reach acceptance. This is a titanic financial event, and given the
inter-relationships between the public sector and telecommunications (financial
interdependencies in many developing countries) it's going to pop to the
top-of-the-stack for real policymakers, not just elites. Left unmanaged (and
it's unmanaged today) we're talking about a reversal of the recent "recovery"
by the third quarter, with many of our very-best jobs disappearing. We're
talking about a deflationary spiral rivaling that of the 1930s.
What's the solution? Government will have to step in and buy this unused
capacity at some point, spinning it out (hopefully at a profit) following a
reorganization. That's what the laws of capitalism demand - stock and
bondholders made mistakes and must pay. It's funny, though, how many "market
conservatives" will be calling for bail-outs in the next few years. When they
do, bring a laugh track.
There's another lesson. Connectivity by itself is worthless. Only services,
content, and software are meaningful. There must be a market negotiation to
value services, content and software, in a world where their delivery costs
nothing. Trying to ban technology turns the economy's chief profit-center into
nothing but a cost-center.
can't be borne.
There's a lesson for you and I in all this as well. Make something unique, then
make something else. This is something folks in the computer business have
accepted for decades. It's the only way out of Moore's Law. And it's coming to
a telephone near you.
SSP (Shameless Self-Promotion)
It's here! Yes, the PDF version of
on the Internet" is finally available for purchase at eBooks.Com
, hyperlinks and all. More outlets are being sought, and the
November update will go to all buyers who notify me (and other
interested members of this list) as soon as it's finished.
You can join the A-Clue.Com discussion at
, our shared e-mail digest produced with Adventive.Com. You can
also read me at
. I'm also on the
, a great print newsletter. Remember that it's
keeps the Clues coming...
said it best. If you don't know what you're doing find someone who does and pay
them what they're worth.
This is as true for Web site design as for anything else. Since 1997 I've been
doing a-clue.com myself, as a labor of love. While I love the labor, there are
some things I'm just no good at.
Fortunately I not only found someone who is good at those things, named
Bill Stocking of WebSiteRevamp.Org
, but I'm able to pay him something less than he's worth, because he's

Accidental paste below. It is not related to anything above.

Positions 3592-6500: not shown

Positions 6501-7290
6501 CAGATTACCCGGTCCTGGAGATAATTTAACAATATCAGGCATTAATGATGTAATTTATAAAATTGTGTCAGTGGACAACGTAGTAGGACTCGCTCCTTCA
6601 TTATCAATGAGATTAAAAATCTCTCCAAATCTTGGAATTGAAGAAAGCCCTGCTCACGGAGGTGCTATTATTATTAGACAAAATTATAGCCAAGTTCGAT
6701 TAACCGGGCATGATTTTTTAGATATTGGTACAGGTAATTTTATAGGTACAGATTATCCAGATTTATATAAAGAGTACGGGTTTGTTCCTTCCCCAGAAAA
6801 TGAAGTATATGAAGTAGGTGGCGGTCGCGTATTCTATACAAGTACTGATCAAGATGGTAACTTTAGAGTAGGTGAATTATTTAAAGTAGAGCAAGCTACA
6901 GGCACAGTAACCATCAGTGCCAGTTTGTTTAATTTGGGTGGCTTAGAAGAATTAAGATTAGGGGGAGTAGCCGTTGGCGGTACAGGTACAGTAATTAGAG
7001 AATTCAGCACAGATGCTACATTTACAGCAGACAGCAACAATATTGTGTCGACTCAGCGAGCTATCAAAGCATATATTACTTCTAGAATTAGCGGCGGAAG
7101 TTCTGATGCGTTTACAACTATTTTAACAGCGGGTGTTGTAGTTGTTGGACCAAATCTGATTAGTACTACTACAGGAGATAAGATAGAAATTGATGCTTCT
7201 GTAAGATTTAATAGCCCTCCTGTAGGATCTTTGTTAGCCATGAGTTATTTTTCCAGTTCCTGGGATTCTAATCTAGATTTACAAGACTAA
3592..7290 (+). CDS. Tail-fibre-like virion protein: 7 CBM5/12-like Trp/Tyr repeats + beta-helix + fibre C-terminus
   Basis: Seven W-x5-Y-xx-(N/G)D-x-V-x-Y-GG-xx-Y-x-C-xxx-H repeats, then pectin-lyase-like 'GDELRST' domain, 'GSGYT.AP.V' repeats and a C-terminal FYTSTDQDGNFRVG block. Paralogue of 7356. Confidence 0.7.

If you're not a Web site designer and you want better results give
him a call.
Bill's also the person who re-designed this newsletter and he did it with
a few hours notice.
Shameless Non-Profit Promotion
Would you like to make some money for yourself, and a good cause? Bob Adams, a
long-time A-Clue subscriber and friend, heads a very entrepreneurial non-profit
humanitarian agency, the Global Development Center (GDC). GDC has set up a new
on the Internet. This offers a private, inexpensive alternative to phones and
e-mail for maintaining contact with family members and loved ones during a
crisis. It's a response to 9/11, but not just another "victims fund". It's a
service people will sign up for because they want it.
There's an affiliate program, which I have joined. You can get a 30% increase
in your return if you sign up as an affiliate through this ad. Here you'll find
his special offer
. Everyone can profit from this, including people in real need.
Takes on the News
The Internet City
One of the great mistakes made during the Internet Boom was in assuming that
heavier use of the Internet would make people better.
The mistake was made because so many "early adopters" of Internet technology
found their lives much improved. Educated, moneyed people from around the world
were brought together based on shared interests, in an environment where rules
were enforced as in a small town. It was a small town. People who flamed or
spammed or hacked were shunned, and an intelligent person can only scream into
dead air for so long before getting the message.
As the Internet became a megalopolis these social strictures evaporated.
Muggers, molesters and thieves could hide behind their anonymity and prey on
the innocent. Most Internet "scandal" stories, even today, are of the
small-town boy (or girl) goes to big city and gets mugged variety, and
it's much easier to blame the city than the criminal
In the mass market Internet, people are more themselves than in the small town
Internet of the past. They pass their online time in well-trod paths, trying to
recreate the small town feel in their old neighborhoods. They do rely on